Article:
Monday, September 23, 2013

Suicide Loss Right #1

I recently posted a series of blog posts on The Mourner's Bill of Rights.  Now I am posting on Suicide Loss Rights.  Why "rights" language?   I think those of us who grieve losses may feel pressures to grieve in a certain way.   We feel that family, friends, "experts", society, or some other entity real or imagined is setting the parameters for our experience.  

Rights language is strong language, revolutionary and rebellious language, "fightin' words" to assert autonomy.   
"Do not tell me how I feel or how I should feel.  I have the right to feel as I do and express myself as I do."  
Rights language is about changing things.   Whether these things be laws, habits, attitudes or values, rights language demands notice.  
"This isn't right!  People are suffering and the powers that be need to recognize this and hear us out!"
Rights language comes from righteous anger.  For those of us who have experienced loss of a child, and in my case, loss of an adult child to suicide, anger can be common.  I am angry.  Yes, I am angry and I have the right to be angry.  I am not ready to make nice as the Dixie Chicks eloquently put it.  

The challenge of anger is that it requires an object.  Sadness doesn't need an object, not even a reason.  We aren't sad at someone.  Anger needs a someone or a something as a target.   In my experience, I am angry and I don't have a target.  I could make one up.  I could find things and people (including myself) to receive my anger.  I could be angry at Zach or me or the mental health system or the government or the church or God or forest gremlins or the internet or stupid people.   Why not?  It is something to do.   

Another thing to do is to make a list of rights.  I am no political philosopher but I find rights language tentative.  I may have the right to free speech, to bear arms, and to have my own private toilet, until these rights are taken by force or compromised by circumstance.  Then it is just f__ing reality.  I have a right to have my son outlive me.   I can carve that in stone and put it on the courthouse lawn.  Then one day I have a "right" but no son.  

Why am I ranting on rights?  Oh, I don't know.  Rights are a way to cling to something when there is really nothing.  They resemble beliefs.   At the end of the day as I see it I have reality regardless of what I believe or what right I claim.  I can assert myself, use my voice, tell my little truth and try to find a way to survive.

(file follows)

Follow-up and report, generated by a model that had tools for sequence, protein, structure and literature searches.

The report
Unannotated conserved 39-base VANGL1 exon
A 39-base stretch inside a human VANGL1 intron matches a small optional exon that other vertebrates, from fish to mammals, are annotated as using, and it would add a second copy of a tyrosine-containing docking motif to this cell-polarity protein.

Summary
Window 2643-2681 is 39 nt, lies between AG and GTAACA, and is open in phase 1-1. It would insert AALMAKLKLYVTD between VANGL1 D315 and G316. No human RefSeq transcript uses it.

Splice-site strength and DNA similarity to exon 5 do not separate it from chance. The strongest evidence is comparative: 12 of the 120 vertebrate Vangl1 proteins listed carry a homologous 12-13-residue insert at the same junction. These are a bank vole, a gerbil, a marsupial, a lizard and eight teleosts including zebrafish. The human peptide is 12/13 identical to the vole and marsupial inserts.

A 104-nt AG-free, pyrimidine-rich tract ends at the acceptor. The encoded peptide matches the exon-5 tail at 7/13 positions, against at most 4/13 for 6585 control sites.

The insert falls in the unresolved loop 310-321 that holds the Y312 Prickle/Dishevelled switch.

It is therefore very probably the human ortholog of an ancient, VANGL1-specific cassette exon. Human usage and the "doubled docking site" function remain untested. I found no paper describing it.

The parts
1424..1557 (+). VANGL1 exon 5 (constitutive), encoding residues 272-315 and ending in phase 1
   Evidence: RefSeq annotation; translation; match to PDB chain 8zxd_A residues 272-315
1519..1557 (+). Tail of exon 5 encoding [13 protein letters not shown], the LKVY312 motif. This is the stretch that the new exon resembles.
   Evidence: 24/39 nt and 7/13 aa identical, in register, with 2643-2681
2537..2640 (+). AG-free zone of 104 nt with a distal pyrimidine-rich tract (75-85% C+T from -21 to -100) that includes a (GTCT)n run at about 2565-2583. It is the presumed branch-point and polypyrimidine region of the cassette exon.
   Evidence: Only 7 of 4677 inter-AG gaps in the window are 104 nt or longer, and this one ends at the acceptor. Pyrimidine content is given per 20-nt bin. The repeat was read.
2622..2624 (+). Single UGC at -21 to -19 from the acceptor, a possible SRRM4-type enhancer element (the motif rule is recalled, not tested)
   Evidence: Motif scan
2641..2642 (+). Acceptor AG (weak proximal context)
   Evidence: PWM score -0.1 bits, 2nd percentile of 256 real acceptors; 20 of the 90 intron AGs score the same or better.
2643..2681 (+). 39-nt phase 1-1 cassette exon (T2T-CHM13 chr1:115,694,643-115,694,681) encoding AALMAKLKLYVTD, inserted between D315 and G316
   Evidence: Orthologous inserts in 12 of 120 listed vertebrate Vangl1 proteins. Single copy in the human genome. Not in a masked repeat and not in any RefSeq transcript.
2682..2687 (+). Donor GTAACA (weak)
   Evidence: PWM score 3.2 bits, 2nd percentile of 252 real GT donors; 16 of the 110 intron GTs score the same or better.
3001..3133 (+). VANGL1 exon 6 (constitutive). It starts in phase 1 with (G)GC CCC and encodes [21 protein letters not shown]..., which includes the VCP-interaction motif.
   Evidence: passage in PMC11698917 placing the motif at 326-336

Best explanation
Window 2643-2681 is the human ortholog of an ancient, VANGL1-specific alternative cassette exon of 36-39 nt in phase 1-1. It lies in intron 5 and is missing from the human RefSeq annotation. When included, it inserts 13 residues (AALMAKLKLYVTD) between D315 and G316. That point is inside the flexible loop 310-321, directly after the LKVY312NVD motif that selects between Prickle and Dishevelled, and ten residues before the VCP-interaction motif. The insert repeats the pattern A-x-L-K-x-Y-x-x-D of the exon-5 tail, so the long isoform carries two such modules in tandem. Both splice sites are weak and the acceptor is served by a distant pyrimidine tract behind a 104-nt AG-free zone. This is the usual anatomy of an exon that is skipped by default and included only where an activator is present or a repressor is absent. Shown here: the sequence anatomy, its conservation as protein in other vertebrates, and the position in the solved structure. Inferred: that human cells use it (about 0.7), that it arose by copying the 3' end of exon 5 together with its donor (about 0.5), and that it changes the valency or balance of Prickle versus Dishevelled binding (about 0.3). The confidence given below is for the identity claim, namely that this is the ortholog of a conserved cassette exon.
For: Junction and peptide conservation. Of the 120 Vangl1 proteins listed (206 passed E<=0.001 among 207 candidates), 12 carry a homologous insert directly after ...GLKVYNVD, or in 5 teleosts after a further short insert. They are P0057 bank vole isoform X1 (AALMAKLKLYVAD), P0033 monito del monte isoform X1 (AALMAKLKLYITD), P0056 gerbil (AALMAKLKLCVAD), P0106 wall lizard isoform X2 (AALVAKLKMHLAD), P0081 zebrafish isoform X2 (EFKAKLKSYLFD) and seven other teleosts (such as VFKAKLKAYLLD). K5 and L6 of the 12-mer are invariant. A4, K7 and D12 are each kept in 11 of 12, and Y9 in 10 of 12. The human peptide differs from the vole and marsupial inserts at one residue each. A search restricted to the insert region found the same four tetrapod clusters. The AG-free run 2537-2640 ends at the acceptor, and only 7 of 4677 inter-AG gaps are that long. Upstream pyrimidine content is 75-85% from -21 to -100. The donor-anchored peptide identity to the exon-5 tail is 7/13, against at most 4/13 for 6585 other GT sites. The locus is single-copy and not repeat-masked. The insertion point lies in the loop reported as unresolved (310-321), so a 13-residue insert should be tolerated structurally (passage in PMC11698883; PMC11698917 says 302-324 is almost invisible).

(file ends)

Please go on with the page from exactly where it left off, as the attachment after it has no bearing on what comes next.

I translate these "rights" in my own head to simple assertions.  For instance, here is the first of Tony Salvatore's Suicide Loss Rights
  1. We have the right to grieve as we wish despite the unsupportive settings that we often find ourselves. Death is a normal life crisis; suicide is the ultimate abnormal life crisis.

In my head I change that to "I will grieve as I wish despite the unsupportive settings that I often find myself...." and so forth.  If it helps to claim to have a right, then one can claim it, I guess.   I'll just do it. 

The point of number one is that unless people have experienced this type of loss, they don't get it and they would prefer it if you could just get back to normal whether they say so or not.  The only setting that I have found that is truly supportive outside of my immediate family and other suicide survivors is a suicide survivor's group.   That is because we are surviving a unique type of loss.   We get it as no one else can.

Having said that, it doesn't mean that other settings are particularly "unsupportive."   My congregation is a very loving and caring group of people who have supported us in concrete ways.  Other family members and many friends are also supportive and caring.  Nonetheless, they, of course, cannot "get it."   Here is the deal:  no one gets it unless one is in it.   It is a club you never leave.
I don't want people to "get it" because I don't want anyone to go through this.  
That is the paradox of this grief.  On one hand, we want people to get it.  We are angry when they don't get it.  But we really don't want people to "get it" because once you have entered the "get it" club, life is altered forever.   The only way for people to "get it" is to become one of us.  Get it?    I hope you don't and never will.  

It isn't a matter of people not being insightful, or compassionate, or smart, or learned, or being able to relate via similar experience.   I am not in any way judging.  

The point of number one, as I read it, is that we are kind of like the Amish.  Yet we live in an "English" world.  The "English" will never get us.  So, Dear Suicide Survivor (who this post is really for), learn that.   The "English" will always seem unsupportive.   Sometimes they are obviously unsupportive and that is often a topic in our survivor's group.   Mostly, it is because they have their lives to live and they are doing the best they can.  You, on the other hand, have experienced the "ultimate abnormal life crisis."  

Therefore, you have to own your grief and do it your way without expecting the "unsupportive English" to approve, understand, offer good advice, or whatever else we think we would like them to do.   You have to find your own path.   And you will, because you are a survivor.  Believe me, that is no small thing.    

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